"We think a warrant should be required for this kind of surveillance," said Hanni Fakhoury, a senior staff attorney with the Electronic Frontier Foundation.

What's needed are "sensible use guidelines, so that this form of aerial surveillance isn't targeted towards low income or minority communities, or individuals engaging in First Amendment-protected activity," he told the E-Commerce Times.

There may be valid grounds for skepticism. The FBI reportedly has purchased DRT boxes, which gather cellphones' IMSI numbers, as well as geolocation data from all cellphones within their range.

DRT boxes also are used by the NSA's Boundless Informant tool and in surveillance planes used by the U.S. Marshals service to overfly cities in the U.S.

It's difficult to buy the argument that bulk data collection and mass surveillance are not involved.

Aerial Surveillance and the Law

The FBI isn't breaking any laws -- the U.S. Supreme Court ruled in three cases in 1986 that aerial surveillance doesn't require a warrant and doesn't violate people's Fourth Amendment rights.

However, the Court "reserved the right to consider situations in the future where airplanes were equipped with other sophisticated equipment, [such as] cameras that would enable mass surveillance," Fakhoury pointed out.

The powerful new technologies on these spy planes "require a reexamination of those earlier cases," Fakhoury urged.

Congress Steps In

That may not be necessary if the latest bipartisan effort to curb governmental spying on citizens should succeed.

The Wyden-Heller bill would require warrants for federal government aerial surveillance by both manned and unmanned aircraft -- i.e., drones. Any information collected without proper authority would be inadmissible in court.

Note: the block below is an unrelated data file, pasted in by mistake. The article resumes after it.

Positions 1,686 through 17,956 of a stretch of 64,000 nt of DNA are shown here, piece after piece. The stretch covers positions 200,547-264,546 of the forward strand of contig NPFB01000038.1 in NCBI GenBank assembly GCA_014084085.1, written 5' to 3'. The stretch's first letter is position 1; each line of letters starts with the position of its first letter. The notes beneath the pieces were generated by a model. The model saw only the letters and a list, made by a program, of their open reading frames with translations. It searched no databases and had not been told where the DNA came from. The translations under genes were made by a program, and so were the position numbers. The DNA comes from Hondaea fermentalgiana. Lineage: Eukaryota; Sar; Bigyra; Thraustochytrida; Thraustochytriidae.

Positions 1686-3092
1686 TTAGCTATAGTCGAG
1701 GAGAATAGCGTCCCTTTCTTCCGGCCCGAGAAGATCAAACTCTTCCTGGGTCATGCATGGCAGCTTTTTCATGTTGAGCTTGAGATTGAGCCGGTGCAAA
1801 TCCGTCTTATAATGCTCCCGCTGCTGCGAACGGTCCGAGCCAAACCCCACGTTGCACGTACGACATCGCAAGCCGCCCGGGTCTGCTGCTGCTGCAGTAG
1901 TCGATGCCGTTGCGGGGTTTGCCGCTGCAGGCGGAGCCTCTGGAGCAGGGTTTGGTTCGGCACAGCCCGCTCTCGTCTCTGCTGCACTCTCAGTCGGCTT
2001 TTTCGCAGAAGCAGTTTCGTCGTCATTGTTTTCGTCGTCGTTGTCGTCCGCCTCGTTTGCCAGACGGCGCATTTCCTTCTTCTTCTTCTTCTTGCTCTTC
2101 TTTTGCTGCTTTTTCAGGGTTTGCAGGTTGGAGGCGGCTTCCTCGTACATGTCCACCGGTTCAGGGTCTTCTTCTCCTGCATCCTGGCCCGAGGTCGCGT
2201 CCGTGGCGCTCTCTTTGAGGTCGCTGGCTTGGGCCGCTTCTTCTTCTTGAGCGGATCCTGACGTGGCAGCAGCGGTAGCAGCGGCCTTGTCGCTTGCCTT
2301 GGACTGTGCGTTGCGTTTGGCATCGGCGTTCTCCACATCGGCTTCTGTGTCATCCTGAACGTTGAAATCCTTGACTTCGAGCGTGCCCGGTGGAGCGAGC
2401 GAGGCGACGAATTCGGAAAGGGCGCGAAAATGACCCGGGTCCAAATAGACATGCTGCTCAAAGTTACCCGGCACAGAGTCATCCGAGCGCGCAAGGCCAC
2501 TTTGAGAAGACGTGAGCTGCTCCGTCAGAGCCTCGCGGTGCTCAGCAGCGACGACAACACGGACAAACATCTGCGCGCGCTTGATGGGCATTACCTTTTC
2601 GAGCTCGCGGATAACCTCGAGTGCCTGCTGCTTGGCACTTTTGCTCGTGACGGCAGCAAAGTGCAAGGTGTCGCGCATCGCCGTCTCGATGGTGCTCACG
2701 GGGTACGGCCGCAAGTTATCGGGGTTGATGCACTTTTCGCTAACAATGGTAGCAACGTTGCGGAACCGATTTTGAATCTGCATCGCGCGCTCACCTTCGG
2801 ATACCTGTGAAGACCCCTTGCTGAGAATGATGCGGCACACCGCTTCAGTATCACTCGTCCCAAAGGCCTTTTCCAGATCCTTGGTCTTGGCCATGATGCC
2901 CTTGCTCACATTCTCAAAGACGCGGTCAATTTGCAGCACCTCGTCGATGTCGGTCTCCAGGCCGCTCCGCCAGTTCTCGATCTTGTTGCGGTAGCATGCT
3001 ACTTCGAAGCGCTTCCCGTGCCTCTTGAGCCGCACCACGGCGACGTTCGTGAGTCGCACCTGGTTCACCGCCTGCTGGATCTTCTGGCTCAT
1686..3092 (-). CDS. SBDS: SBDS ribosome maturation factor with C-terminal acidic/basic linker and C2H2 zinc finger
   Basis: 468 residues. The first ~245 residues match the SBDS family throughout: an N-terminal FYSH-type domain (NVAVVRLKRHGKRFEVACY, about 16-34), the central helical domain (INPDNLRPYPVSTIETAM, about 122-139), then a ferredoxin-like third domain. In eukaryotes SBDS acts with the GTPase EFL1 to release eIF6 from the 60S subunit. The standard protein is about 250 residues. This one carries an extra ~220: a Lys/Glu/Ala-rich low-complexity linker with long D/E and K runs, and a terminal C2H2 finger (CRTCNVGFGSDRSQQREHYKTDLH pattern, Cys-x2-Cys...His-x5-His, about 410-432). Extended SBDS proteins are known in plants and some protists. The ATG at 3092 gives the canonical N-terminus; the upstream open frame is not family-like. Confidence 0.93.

Further, it would bar the government from identifying individuals who weren't targeted in surveillance operations, except in instances of probable cause that they were engaged in criminal activity.

The bill would prohibit the government from hiring private operators to conduct surveillance that it was not authorized to carry out.

The bill makes various exceptions, including for border patrol, government research and disaster relief. It would not affect commercial operations, or state and local law enforcement activities.


Richard Adhikari has written about high-tech for leading industry publications since the 1990s and wonders where it's all leading to. Will implanted RFID chips in humans be the Mark of the Beast? Will nanotech solve our coming food crisis? Does Sturgeon's Law still hold true? You can connect with Richard on Google+.


Salesforce Commerce Solution Guide
What do you see as the biggest obstacle to mainstream adoption of video calling?
Too many steps are required to reach a contact.
Video quality is often poor -- dropped calls, frozen images.
There's no advantage to face-to-face communication in most cases.
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The trend is away from personal engagement and toward texting.
The obstacles are fading, and video calling is well on its way to adoption.